A little more than a week ago – before summer descended in all it’s hot and humid glory on Northern Virginia, as it tends to do after Memorial Day — with my back and hips aching from the damp chill, I decided to take a nice, hot bath. I love getting the water just hot enough so that I can open the window above the tub, let the breeze blow in, hear the sounds of nature and look at the trees and sky while I soak and ponder.
This particular evening, it had rained, and large banks of clouds were marching across the sky. I watched them as they rolled and transformed themselves, playing the familiar game we played as kids, trying to see what I could see in their ever-changing form.
Suddenly, I saw a profile. One with bushy hair, a long nose and what appeared to be a mustache. Yes! It was Einstein. Einstein in the clouds! I laughed out loud in delight and wished I had my camera handy. But no sooner than he appeared, the great man was swallowed up by a shift in the breeze. Still, he had been there. And to think I had JUST read a quote from him that morning…
The quote I read was this one: “We cannot solve our problems with the same thinking we used when we created them.” Which, of course, lead me to thinking about the thinking I had used to create my most recent problem, namely that I am not doing well working 100% on my own. What was I thinking??
Granted, I am an “independent little cuss” to quote at least one of my parents and maybe a few other folks as well… And granted, I am an introspective, intuitive introvert. Yes, all of this means I do well working on my own and prefer times of solitude to think, generate ideas and rest.
What I have discovered, however, is that being independent and intuitive is not enough to attract the work to me, and I am driving myself up a tree and beating myself up about what I am doing (or not doing) that is wrong or, more often, what is wrong with me that I can’t “make” this work.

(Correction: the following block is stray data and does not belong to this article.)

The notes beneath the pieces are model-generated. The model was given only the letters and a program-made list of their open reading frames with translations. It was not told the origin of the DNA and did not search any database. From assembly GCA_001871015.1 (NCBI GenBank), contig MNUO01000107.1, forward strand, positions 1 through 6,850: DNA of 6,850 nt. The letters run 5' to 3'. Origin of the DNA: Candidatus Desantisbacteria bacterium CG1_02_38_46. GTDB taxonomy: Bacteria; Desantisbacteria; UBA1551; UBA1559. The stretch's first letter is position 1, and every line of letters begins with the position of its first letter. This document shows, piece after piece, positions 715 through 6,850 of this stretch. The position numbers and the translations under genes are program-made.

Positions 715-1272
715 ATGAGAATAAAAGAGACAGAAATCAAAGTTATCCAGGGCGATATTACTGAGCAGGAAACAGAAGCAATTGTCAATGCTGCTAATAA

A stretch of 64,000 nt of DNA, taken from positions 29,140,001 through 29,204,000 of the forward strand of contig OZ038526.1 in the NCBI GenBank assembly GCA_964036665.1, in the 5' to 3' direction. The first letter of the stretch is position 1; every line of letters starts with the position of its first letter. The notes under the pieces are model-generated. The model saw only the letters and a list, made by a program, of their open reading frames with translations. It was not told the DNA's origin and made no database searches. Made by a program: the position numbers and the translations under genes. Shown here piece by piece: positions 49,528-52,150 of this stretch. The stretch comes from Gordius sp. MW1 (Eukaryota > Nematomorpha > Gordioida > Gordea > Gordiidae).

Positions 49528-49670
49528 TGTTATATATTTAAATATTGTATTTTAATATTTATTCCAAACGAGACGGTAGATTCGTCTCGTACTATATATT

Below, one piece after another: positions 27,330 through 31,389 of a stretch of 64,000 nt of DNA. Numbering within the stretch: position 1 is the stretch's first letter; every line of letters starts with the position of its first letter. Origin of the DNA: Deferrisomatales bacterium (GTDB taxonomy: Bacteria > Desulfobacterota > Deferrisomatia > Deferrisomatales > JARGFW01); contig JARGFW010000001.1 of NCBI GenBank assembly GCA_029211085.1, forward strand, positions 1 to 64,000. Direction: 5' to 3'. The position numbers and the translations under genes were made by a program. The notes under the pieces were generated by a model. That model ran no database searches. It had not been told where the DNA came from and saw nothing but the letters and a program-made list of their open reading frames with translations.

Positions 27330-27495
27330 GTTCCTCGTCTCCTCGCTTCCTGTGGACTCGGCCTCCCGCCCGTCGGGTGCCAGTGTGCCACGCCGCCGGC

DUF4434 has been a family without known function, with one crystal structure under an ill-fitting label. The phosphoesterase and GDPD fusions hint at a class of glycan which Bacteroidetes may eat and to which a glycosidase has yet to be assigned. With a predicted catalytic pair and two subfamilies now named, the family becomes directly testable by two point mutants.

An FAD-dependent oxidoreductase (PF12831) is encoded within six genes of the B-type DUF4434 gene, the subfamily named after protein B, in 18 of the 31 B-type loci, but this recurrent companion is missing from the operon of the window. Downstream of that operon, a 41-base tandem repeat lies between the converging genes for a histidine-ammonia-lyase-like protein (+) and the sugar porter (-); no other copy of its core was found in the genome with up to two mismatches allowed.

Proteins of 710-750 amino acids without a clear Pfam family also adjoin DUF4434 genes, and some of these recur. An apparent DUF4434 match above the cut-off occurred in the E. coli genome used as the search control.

Now, Albert, if you weren’t a specter in the clouds, I would ask you what I should DO about that? I suspect you would tell me it’s all relative. And well, yes, I suppose it is. So, since then I have been thinking about a different kind of thinking, the kind that will help me solve this problem.
This is going to take a while, and it won’t be revealed as magically as Einstein’s profile in the clouds, but I figured a good place to start was by telling the truth of what lies behind the problem. The truth is that I am not sure what to do with myself in my own context. I know what to do with myself in the context of other people, groups or organizations, but when left completely to my own devices, my own flood of ideas, my own pile of should, my own demons and delights, I tend to avoid, hide, armor up, shut down or numb out. And that’s just not working.
I know where this comes from. At least I’ve cracked that part of it, which was really tough. Now I need to change the thinking that was formed and perfected over a couple of decades. Phew. I wish that was as easy to do as it is to write. But, as it’s another partly cloudy, partly rainy afternoon, maybe I’ll wander outside and see if the clouds have something to say to inspire me…I just hope they don’t show me Al Roker, or worse, Al Bundy, this time.